Last month, I left my full time job at a local startup (we’re still on good terms, and I still consult with them) to focus on building product, as well as consulting where it makes sense. Almost instantly, I started getting multiple inquiries from companies regarding new opportunities. Almost unanimously, I’ve politely and respectfully declined these offers; I’m still chatting with the others. The last several years have been a fun time working at startups, and I’ve learned a lot along the way. Startups have a way of compressing several years worth of experience into a year or less. It’s both awesome and exhausting. I’m also a bit burned out on the startup scene, and want to start creating something for myself. While building other peoples’ dreams is great, for someone who likes to create and move fast, it also leaves one a bit hungry for more.
While I won’t completely rule out joining a company full time, I’ve set some benchmarks for whether a company will be a good fit.
- Is the company capable of executing its vision?
- Do I care about the problem the company is solving?
- Will I work with people smarter than me?
If I can’t answer all three of these questions with an emphatic ‘yes’, then it’s a no-go. Plain and simple. Most companies don’t make the cut for a variety of reasons. Let me unpack these points.
1. Is the company capable of executing its vision?
Vision is where a company chooses to go. Execution is what it does to get there. From my experience, execution comes down to (in the words of Marcus Lemonis) people, product, and process. I’ve worked with both highly functioning teams and total shitshows, with both top notch product and utter vaporware, and both within tight frameworks of execution and complete anarchy. The former succeeded; the latter are either dead or zombie companies.
As I always tell people, when you watch enough horror movies, you know to avoid the creepy house on the hill. Going forward, I’m only choosing to get a positive ROI on my invested time and energy with a company that can execute its vision. This obviously helps the company as well, since I’m fully vested and committed to executing its vision.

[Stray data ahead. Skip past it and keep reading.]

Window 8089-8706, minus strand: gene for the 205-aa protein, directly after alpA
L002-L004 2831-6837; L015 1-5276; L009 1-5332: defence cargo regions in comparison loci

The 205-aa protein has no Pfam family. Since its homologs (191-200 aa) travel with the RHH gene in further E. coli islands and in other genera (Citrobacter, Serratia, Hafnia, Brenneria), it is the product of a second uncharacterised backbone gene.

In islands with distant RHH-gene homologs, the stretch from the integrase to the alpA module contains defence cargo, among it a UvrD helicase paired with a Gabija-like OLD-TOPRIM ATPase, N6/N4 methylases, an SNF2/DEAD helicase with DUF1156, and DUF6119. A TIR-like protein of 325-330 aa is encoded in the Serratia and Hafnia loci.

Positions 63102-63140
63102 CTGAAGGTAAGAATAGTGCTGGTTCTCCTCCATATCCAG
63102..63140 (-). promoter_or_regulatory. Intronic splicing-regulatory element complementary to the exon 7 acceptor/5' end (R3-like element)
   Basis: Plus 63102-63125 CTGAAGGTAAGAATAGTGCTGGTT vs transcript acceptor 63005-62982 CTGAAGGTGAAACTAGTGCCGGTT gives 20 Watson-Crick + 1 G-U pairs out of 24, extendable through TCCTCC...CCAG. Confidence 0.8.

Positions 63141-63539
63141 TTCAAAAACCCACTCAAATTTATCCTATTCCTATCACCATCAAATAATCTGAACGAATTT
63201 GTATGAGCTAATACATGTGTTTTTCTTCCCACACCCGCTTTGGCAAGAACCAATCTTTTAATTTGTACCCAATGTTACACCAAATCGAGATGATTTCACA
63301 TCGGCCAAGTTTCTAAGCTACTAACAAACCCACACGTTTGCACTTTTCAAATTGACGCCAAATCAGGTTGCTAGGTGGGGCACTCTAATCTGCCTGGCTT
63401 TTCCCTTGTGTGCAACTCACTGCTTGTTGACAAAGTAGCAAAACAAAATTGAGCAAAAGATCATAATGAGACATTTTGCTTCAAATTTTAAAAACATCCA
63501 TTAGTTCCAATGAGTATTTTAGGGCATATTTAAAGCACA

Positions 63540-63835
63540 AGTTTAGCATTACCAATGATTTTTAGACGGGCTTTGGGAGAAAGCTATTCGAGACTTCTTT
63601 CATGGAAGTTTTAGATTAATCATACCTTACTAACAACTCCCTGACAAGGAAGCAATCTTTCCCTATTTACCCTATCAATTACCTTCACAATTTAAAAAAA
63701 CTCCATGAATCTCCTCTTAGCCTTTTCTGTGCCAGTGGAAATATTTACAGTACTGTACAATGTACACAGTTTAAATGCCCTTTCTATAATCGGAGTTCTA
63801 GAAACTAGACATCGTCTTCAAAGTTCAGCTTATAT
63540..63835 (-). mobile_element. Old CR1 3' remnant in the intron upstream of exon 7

2. Do I care about the problem the company is solving?
When I work for a company, I’m paid to care about their problems. The problem that needs to be solved should be compelling enough that I’m willing to invest significant time and energy to help execute on a solution. There’s tremendous opportunity cost and irrecoverable time if its misallocated on apathy. Sadly, this happens all too often. And it hurts the company too. How are apathetic employees a positive thing? My litmus test is if I genuinely believe that I can be excited to work on this problem two years from now. If so, it’s a problem I think is worth trying to solve.
3. Will I work with people smarter than me?
Iron sharpens iron. I hate being the smartest person in the room; I prefer being the dumber person who wants to actively learn. Learning from people smarter than myself is an absolute honor, and I actively seek out these situations whenever available. That’s why I read a ton, attend meetups, train at the gym with people more athletic than me, and listen to talks from people much smarter or accomplished than me. It’s the only way to keep growing. If you’re not growing and improving, then you’re getting worse. A job is an investment in your growth; it’s 8+ hours a day where you can either push yourself and those around you, or time spent regressing. Avoid the latter, embrace the former.
More than a paycheck
For me, a job is about more than just a paycheck. It’s about wisely using one’s time and truly adding value to one’s employer, as well as oneself. Time is precious and irreplaceable. Energy is an exchanged medium that should be used positively. I choose to use time and energy wisely, working on problems I care about, with people that will push me (and who I will hopefully push as well). If you think your company fits these criteria, I’d love to chat with you.